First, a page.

• Wolves and Honey: A Hidden History of the Natural World by Susan Brind Morrow

The Avian Persuasion, Assistant Professor of English and Comparative Literature Caroline Manring
If you’ve ever wished you could fly, join the club. If you’ve ever wondered why you wished you could fly, take this course. Humans have always been drawn to birds. In this seminar, students ask why as they try to understand human relationships with birds from the perspectives of writers, musicians, scientists, and back yard bird-watchers, among other types of thinkers.

Partial Reading List:

  • The Goshawk by T.H. White
  • Crow Planet by Lyanda Lynn Haupt

Rock Music & American Masculinities, Senior Associate Dean of Hobart College Rocco “Chip” Capraro
Elvis, Dylan, the Beatles, the Stones, Hendrix, Led Zeppelin, Bruce Springsteen. They were some of the central figures in the history of rock music in America and England from the 1950s to the 1980s. But what kind of men were they? This seminar offers an interdisciplinary look at the lives of these men of rock through the lens of men’s studies: i.e., through the history and theory of men’s identity and experience.

Partial Reading List:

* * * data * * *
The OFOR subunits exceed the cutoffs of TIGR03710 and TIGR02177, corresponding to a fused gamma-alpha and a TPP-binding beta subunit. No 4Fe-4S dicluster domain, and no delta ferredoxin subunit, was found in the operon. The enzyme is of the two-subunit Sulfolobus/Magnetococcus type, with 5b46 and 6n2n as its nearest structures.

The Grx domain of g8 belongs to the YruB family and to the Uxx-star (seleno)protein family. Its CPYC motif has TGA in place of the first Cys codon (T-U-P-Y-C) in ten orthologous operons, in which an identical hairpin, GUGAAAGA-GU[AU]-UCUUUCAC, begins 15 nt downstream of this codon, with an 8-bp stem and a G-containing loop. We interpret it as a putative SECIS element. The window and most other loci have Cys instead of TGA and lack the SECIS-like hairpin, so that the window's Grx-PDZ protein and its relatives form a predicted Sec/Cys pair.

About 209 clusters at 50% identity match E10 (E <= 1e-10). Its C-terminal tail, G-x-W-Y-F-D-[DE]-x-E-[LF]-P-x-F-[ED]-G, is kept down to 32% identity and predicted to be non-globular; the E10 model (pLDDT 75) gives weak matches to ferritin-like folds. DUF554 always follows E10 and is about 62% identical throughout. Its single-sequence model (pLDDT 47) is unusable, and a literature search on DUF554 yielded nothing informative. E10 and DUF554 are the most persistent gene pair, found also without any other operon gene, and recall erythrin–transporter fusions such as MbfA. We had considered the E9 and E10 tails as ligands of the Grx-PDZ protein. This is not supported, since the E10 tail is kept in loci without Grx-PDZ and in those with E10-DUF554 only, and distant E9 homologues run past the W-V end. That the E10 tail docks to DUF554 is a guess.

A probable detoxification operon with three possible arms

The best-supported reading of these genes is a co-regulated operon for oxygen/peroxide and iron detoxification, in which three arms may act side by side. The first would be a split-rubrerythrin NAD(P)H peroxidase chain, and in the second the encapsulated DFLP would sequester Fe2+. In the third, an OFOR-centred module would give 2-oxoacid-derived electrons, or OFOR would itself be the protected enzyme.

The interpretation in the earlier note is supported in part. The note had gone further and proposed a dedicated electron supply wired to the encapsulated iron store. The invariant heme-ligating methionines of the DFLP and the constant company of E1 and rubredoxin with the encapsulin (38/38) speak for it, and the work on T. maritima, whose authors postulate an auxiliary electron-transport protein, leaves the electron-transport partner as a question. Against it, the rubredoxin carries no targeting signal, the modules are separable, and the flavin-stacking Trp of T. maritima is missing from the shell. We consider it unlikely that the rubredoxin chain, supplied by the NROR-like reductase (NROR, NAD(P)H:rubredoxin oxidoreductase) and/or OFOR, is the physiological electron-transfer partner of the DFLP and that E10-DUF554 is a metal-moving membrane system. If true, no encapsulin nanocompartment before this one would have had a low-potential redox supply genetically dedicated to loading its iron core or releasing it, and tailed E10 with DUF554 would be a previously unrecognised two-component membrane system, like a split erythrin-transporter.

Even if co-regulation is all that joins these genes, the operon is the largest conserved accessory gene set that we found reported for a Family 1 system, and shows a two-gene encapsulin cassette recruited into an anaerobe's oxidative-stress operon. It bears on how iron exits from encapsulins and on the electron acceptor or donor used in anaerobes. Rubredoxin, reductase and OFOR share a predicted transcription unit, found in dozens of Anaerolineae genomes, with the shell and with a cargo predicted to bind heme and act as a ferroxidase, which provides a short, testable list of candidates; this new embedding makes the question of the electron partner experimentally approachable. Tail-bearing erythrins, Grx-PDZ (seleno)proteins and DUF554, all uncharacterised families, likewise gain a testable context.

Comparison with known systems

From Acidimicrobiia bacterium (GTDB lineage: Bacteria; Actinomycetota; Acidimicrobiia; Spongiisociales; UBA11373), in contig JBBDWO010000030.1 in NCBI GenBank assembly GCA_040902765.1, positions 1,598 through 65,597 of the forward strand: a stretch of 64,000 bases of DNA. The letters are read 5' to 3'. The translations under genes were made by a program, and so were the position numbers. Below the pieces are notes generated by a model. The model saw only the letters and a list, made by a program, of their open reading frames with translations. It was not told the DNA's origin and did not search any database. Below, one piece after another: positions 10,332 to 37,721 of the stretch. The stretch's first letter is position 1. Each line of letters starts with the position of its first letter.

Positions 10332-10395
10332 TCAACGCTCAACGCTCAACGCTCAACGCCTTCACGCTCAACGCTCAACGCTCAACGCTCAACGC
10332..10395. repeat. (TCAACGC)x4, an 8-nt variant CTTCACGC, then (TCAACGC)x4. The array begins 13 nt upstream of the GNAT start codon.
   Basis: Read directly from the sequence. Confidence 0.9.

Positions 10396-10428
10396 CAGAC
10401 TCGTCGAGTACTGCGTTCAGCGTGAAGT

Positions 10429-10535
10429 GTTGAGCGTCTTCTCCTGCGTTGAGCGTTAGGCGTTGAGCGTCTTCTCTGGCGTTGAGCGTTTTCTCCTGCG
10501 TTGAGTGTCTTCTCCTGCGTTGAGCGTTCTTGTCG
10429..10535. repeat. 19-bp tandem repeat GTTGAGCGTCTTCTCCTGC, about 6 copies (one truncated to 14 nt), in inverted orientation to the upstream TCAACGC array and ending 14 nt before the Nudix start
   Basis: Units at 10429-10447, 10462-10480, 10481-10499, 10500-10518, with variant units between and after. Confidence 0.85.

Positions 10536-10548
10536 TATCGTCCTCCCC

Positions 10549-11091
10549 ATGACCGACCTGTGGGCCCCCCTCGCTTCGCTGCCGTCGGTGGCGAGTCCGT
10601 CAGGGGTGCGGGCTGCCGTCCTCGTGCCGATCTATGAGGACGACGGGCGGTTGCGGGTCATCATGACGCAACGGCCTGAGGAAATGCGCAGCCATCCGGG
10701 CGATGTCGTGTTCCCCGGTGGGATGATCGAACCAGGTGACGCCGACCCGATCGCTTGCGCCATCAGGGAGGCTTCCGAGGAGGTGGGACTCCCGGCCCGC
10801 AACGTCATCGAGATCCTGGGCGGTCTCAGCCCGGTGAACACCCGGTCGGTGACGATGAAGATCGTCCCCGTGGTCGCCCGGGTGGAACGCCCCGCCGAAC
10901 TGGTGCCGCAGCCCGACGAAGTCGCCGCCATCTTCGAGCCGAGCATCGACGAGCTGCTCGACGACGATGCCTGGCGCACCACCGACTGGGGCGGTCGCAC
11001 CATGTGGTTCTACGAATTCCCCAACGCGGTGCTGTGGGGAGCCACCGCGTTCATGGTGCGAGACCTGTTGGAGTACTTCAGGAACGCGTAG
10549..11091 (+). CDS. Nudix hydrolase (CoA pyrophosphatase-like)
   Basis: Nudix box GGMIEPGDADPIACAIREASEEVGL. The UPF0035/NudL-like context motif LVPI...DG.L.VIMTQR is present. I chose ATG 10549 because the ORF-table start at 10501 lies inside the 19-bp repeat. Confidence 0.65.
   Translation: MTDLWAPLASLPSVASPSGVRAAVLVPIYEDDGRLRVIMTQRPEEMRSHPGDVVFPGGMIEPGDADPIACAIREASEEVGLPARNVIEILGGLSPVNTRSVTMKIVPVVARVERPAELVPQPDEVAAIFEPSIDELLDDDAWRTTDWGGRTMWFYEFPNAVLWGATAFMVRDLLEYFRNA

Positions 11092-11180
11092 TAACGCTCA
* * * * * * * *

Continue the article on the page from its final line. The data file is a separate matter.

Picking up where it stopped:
• The Forty-Nine Percent Majority: The Male Sex Role by Deborah David and Robert Brannon
  • Re-Making Love: The Feminization of Sex by Barbara Ehrenreich, Elizabeth Hess, and Gloria Jacobs

School Wars, Assistant Professor of Education Khuram Hussain
Why are people willing to march, protest and risk their lives and livelihood for schools they can believe in? There is no public institution that inspires, enrages and connects to American ideals about “public good” more than schools. But what is “good”? In this seminar students ask, what’s worth fighting for in school... and why? Students interrogate the conflicts that rage over what the purpose of schools should be and who should decide. Public protests, creative peoples’ movements and even military intervention have been waged with the aim of directing the destiny of public education. Through discussions, formal debates, group projects, lectures, films and readings students trace dynamic interests that vie to influence schools and direct education policy.

Partial Reading List:

  • The Flat World and Education: How America’s Commitment to Equity Will Determine Our Future by Linda Darling- Hammond
  • The Reign of Error: The Hoax of the Privatization Movement and the Danger to America’s Public Schools by Diane Ravitch

Fracking?, Professor of Geoscience D. Brooks McKinney